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The Importance of Mindful Eating

Do you ever get the craving to do binge eating for your favorite snack? Do you have a sudden urge to go all down for potato crisps all day and end up buying a ton from the grocery store? Are you familiar with the terms emotional eating or “eating the blues away?” If so, then know that your mental health is intervening in your eating behavior to a significant degree.

You may be eating too much or too little. It might also be the case that you would consume food that is not healthy for you, such as processed food or an empty calorie food. You might also be consuming food that is off the balance when it comes to fulfilling your normal macronutrient requirements. Whatever might be the case, one thing remains a fact: You are not doing the best for your health, and certainly, your mental health may have a role to play in determining your dietary choices and habits.

What is Mindfulness? Mindfulness is the state of mind that is fully aligned with the present – your mind is well-aware of your present condition and focuses well on what you need. That also means that your body and mind are well-connected with each other. Your mind knows what your body requires for optimum function and vice versa. This also applies to hunger. When you are actually hungry, and when your body requires a certain nutrient that it requires to perform a specific function, a mindful you would know it right. This would not be the case if your mind is not well-acknowledged of its own body and is not well-aware of what is going around itself, the present condition.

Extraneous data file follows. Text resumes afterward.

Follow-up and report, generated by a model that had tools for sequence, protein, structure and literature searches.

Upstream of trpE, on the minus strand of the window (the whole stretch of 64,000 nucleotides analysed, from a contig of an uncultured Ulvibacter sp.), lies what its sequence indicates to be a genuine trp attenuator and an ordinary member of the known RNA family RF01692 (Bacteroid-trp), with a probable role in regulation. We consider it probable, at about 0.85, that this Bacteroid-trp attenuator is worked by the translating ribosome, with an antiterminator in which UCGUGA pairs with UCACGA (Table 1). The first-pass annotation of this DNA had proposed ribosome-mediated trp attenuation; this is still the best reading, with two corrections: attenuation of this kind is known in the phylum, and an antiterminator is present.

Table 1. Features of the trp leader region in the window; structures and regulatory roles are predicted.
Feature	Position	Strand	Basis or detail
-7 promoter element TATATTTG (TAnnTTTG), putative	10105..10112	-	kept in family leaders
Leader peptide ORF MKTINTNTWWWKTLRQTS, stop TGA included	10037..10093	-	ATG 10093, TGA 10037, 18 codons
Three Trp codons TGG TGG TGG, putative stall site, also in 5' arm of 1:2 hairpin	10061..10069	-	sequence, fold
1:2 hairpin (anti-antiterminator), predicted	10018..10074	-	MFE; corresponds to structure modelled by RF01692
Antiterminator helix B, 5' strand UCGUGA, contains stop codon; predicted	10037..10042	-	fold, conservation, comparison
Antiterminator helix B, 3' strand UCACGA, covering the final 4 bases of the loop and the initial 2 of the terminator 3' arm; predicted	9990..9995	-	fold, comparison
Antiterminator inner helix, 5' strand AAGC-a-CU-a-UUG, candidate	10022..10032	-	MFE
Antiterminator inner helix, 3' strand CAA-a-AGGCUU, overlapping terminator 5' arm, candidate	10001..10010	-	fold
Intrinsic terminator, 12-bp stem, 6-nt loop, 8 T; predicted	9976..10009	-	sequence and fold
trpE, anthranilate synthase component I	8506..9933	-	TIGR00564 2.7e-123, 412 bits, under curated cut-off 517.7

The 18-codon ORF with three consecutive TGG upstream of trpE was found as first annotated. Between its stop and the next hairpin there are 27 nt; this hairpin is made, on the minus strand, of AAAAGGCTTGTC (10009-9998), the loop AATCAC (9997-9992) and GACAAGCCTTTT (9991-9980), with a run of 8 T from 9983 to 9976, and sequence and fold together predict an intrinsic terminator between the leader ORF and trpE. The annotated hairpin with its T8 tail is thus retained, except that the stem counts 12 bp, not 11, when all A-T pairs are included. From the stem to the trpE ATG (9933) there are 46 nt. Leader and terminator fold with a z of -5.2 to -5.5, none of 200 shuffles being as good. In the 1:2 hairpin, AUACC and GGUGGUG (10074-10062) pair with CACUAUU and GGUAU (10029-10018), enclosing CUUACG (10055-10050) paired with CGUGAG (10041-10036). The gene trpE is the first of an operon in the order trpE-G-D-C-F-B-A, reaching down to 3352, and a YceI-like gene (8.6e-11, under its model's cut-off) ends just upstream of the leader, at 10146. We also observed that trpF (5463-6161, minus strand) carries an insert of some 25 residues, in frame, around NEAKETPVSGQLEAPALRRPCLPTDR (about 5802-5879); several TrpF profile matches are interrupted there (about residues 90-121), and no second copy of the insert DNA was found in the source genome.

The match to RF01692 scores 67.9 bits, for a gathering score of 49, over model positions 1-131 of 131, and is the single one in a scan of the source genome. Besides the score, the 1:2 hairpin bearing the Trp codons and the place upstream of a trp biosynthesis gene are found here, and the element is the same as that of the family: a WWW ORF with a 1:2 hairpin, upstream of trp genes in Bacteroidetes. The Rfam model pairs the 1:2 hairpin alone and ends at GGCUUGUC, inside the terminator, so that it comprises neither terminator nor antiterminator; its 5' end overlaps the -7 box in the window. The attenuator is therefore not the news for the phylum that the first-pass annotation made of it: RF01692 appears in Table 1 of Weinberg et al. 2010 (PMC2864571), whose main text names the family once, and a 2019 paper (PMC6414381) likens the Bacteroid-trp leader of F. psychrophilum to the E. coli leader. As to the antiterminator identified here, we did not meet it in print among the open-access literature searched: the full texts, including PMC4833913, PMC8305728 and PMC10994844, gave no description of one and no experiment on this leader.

Mindfulness with Nutrition What we have explained revolves around the principle of mindfulness with nutrition. In technical terms, we refer to it as intuitive eating. So, when we say that you are eating intuitively, instead of going with your urges and thought patterns, you listen to your actual inner eye – the eye of the subconscious that speaks well of your body. It knows what your body needs right at the moment so it can perform at best with no disturbance. Therefore, mindfulness with nutrition is important to help your body figure out the patterns it needs to take in the nutrients it requires to function optimally. However, this only happens when your mind is working at its best and is fully aware of what is going around itself. On the other side, when your brain is distracted or is wound up in negative thoughts, then it is not going to happen.

How Can You Make Your Mind More Aware? The first step, as it is evident, is to make your mind more aware of the present. You can do so by practicing some techniques, for example, breathing techniques, meditation, yoga, visualization, and the list goes on. The idea is to practice and discipline your mind into focusing on the present moment and letting the thoughts flow as they come. Instead of dwelling on them, you are now creating a space where you are just viewing them as random thoughts and focusing on the present moment. This idea works on intuitive eating as well.

Stress Reduction and Mindfulness In this kind of eating, you are disciplining your mind to break unhealthy eating behaviors and patterns. For example, you might have a habit of binge eating cookies all the time when you are stressed. When you are practicing your mind to be more focused, you are training it to be more aware of the present moment instead of the thoughts that are disturbing it. So, when you are stressed, instead of dwelling on the thoughts that further intensify your negative mood, you practice your presence at the moment and then take your mind, shift its energy from the stressful thoughts. So, now you don't have that urge to go for the cookies anymore. You figure out the root cause of binge eating and train your mind to be more mindful. This and a lot of other examples stand there to affirm how we can correct so many disturbed eating behaviors and patterns that do not let us live the life we want.